City manager announces review of CATS ‘organizational structure’ and ‘management team’ after WBTV investigation
CHARLOTTE, NC (WBTV) — Just three days after a WBTV investigation found a private contractor was running Charlotte’s bus system, Charlotte City Manager Marcus Jones released a memo to board members announcing that an assessment of CATS’ “organizational structure and management team” was underway.
The July 17 memo from Jones also repeatedly mentions the contractor for the WBTV investigation, RATP Dev, and indicates that it will be part of the review process. The city manager told council he had asked his staff to prepare a “request for proposals” for the bus operating service contract currently held by RATP Dev.
WBTV first revealed contract details just days before the city manager’s memo. WBTV first filed a registration request related to RATP Dev in May, but responses and responses from the city have been slow to non-existent.
The current contract between CATS and the contractor, RATP Dev, was approved by the city council in February 2019.
RATP Dev operates a subsidiary called Transit Management of Charlotte, which oversees a host of CATS operations, including routing, scheduling, fare analysis, employee selection and training, labor relations, security and security, among others.
Despite RATP’s massive role in running the city’s bus service, there is very little publicly available information about the company. Even during the current bus reliability and safety crisis, there has been no mention of the contractor at public meetings, until WBTV began filing registration requests and asking questions. questions to CATS management.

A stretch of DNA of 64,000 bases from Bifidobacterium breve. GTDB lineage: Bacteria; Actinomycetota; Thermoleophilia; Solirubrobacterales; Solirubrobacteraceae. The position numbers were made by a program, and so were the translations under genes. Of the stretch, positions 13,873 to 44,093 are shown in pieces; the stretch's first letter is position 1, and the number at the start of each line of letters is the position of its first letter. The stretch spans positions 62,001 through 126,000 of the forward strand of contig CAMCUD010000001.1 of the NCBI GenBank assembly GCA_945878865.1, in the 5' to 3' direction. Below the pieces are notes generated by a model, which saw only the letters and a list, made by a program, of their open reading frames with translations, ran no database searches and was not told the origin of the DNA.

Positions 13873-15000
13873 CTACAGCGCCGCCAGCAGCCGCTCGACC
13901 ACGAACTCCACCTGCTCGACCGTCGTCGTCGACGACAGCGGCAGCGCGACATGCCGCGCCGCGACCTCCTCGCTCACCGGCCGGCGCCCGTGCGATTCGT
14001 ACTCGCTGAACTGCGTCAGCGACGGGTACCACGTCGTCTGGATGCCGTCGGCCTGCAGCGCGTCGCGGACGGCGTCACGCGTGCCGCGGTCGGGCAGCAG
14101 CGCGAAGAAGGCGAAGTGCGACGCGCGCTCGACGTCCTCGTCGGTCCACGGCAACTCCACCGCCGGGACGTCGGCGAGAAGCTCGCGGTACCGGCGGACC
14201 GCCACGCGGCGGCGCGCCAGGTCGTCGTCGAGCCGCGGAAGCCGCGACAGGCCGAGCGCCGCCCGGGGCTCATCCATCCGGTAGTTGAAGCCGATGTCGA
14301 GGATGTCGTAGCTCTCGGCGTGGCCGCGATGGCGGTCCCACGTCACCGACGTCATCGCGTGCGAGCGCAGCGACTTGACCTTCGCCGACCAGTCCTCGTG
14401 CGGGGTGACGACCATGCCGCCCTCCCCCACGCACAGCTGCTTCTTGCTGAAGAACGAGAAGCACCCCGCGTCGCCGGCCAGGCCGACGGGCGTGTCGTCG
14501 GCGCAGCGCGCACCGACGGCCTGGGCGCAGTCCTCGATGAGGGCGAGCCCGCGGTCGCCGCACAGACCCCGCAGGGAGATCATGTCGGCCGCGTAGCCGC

An analysis of the contract found that the city likely renewed the contract earlier this year without any public discussion. There were also numerous requirements regarding contingency plans and performance measures that were not publicly discussed.
Additionally, a internal audit from 2021 found that “CATS did not always follow established City policies for the procurement of goods and services.
The audit repeatedly mentions RATP Dev saying that the contractor and CATS showed “resistance to complying with city-wide procurement policies, and a lack of follow-up on actions taken by the contractor BOD RATP Dev that are not coordinated with the City and continue to lead to policy violations and increase risk to operations.
The July 17 memo from Jones says the assessment will also include a review of “procurement/contract oversight.” The first results could be communicated to the city in August or September.
City council members immediately began demanding more transparency from CATS CEO John Lewis and RATP Dev after WBTV’s investigation.
WBTV also revealed that tweets from the CATS account listing driver absences included workers on FMLA, comp workers and even bereavements, in direct contradiction to what Lewis previously told council members.
Jones’ memo indicates that while some solutions may be simple, others would be complex and require additional study and financial investment. The evaluation contractor, Management Partners, will recommend other areas requiring further study.
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